Gulab Singh – The undefeated ambitious warrior
When Kashmir was ruled by Afghanis, Jammu was ruled by Dogras. The king of Jammu, Raja Ranjeet Singh was a very brave and influential ruler. After the fall of the Mughal empire, Maharaja Ranjeet Singh conquered 22 small Dogra principalities and established Jammu as a vast and prosperous state. When oppressed by the last Afghan Subedar Jabbar Khan's inhuman atrocities, a Kashmiri Pandit Beerbal Dhar appealed to Maharaja Ranjeet Singh of Punjab to save them from the havoc of Afghans, he also handed over him some important information about the Army of Afghan Subedar and promised to help him. Although, prior to it, the troops of Maharaja Ranjeet Singh had unsuccessfully invaded Kashmir in 1812 and 1814 but the Sikh Army led by Misar Deewan Chand, the commander of Maharaja Ranjeet Singh defeated Jabbar Khan in the battle of Sophia on July 15, 1819. After that, Sikhs ruled Kashmir for 27 years.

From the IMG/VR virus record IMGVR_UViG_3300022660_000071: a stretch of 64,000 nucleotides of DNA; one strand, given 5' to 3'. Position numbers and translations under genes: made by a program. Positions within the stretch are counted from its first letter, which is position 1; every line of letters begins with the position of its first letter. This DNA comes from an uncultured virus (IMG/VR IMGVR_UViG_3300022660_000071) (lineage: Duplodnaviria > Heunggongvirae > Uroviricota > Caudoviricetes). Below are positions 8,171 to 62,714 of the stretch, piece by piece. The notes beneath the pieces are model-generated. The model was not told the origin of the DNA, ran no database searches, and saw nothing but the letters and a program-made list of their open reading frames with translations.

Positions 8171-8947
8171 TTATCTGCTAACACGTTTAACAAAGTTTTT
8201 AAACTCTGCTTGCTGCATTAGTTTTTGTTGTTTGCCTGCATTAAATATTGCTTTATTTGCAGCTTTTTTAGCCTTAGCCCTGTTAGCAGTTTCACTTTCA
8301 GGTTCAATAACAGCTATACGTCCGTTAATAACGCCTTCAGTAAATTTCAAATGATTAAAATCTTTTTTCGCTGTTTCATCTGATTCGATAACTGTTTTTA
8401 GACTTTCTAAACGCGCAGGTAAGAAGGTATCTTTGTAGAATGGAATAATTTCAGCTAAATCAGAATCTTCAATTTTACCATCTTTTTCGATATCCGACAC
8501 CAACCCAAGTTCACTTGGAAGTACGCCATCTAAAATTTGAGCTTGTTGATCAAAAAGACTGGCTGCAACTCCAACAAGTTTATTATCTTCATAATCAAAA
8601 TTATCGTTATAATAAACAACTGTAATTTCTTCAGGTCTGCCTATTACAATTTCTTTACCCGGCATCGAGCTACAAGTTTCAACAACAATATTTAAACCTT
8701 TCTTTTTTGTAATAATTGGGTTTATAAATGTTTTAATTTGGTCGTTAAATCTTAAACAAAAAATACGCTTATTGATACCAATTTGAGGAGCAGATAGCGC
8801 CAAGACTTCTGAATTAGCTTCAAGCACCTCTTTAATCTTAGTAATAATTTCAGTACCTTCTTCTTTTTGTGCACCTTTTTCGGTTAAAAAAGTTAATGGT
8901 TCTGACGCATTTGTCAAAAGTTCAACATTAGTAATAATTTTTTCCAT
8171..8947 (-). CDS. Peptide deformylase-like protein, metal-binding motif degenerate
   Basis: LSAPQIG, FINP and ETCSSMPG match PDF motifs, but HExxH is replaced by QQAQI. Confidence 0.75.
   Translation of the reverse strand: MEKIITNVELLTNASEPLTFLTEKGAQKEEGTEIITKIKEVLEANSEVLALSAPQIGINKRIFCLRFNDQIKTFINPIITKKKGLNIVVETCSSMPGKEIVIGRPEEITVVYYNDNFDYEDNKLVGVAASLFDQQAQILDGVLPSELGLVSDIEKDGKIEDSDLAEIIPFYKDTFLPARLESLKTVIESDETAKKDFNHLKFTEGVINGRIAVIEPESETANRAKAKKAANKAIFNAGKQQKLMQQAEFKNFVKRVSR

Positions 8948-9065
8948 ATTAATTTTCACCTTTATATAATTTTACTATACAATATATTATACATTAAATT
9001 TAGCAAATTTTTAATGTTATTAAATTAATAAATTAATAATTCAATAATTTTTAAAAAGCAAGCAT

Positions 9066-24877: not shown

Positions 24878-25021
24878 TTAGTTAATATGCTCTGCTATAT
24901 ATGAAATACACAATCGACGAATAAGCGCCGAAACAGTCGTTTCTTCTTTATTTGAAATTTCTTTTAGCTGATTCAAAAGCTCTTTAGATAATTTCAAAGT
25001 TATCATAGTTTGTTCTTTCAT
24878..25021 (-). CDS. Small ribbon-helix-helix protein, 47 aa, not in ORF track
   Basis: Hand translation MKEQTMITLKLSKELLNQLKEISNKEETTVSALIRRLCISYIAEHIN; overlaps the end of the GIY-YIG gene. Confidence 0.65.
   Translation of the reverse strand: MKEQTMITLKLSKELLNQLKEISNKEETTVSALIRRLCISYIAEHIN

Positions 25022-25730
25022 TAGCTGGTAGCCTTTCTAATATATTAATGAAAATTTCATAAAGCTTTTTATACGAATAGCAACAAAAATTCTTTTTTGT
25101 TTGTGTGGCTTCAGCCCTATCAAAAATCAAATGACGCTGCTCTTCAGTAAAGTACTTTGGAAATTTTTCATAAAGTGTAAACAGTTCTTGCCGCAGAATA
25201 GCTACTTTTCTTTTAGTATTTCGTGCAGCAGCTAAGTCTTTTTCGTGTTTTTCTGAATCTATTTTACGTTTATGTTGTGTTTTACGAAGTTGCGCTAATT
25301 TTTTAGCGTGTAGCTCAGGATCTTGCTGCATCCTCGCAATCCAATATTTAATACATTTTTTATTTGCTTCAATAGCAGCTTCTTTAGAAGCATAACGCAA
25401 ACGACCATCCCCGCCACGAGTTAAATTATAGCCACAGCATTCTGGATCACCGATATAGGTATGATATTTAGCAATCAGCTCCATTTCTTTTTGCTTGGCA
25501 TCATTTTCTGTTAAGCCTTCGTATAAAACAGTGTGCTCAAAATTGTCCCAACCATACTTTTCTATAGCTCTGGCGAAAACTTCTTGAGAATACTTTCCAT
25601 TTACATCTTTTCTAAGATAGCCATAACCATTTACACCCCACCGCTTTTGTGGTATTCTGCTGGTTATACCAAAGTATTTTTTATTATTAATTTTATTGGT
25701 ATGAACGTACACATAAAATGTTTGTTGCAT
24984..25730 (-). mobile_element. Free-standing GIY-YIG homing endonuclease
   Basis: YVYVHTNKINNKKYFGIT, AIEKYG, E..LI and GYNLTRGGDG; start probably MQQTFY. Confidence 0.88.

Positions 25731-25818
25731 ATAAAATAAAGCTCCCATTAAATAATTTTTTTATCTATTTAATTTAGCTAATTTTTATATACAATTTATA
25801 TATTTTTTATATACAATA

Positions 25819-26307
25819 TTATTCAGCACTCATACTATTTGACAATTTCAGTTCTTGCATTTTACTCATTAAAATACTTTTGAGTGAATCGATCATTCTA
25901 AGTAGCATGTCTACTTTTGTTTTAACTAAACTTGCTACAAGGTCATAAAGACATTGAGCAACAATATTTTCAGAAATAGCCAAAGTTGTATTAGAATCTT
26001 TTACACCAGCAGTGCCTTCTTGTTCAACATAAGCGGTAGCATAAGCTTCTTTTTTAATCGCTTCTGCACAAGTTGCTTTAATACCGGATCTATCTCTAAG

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 Raja Gulab Singh's Coronation
The first half of the 19th century witnessed the fall of the Gurkhas, the Marathas, and the Jats while battling the British for supremacy. In the year 1808, the Dogra ruler of Jammu was defeated by the Sikhs. Gulab Singh, who was associated with the lineage of Ranjeet Deo, joined the Army of Maharaja Ranjeet Singh. After his brave performance in many battles, the Maharaja appointed him as the ruler of Jammu. In 1821, Gulab Singh conquered Rajauri and Kistwad and merged it into his kingdom. He also helped in merging Dera Ghazi Khan in the Sikh empire. He participated in the Shaidu's battle in support of Hari Singh Nalwa, the Sikh ruler, and suppressed the revolt of Afghanis. Maharaja Ranjeet Singh was so impressed by his services that he provided him the provinces of Bhera, Jhelum, Rohtas, and Gujarat. Meanwhile, Gulab Singh, as a king, also conquered the fort of Mangala.
In the year 1834, General Jorawar Singh, the commander of Gulab Singh, conquered a large part of Ladakh including Janskar and Baltistan. In 1839, after the death of Maharaja Ranjeet Singh, his successors could not sustain their influence and consequently were defeated by the Britishers. The Britishers took control of Punjab but accepted Maharaja Gulab Singh as the ruler in a large area in the north of Satluj.

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 Raja Gulab Singh negotiating with British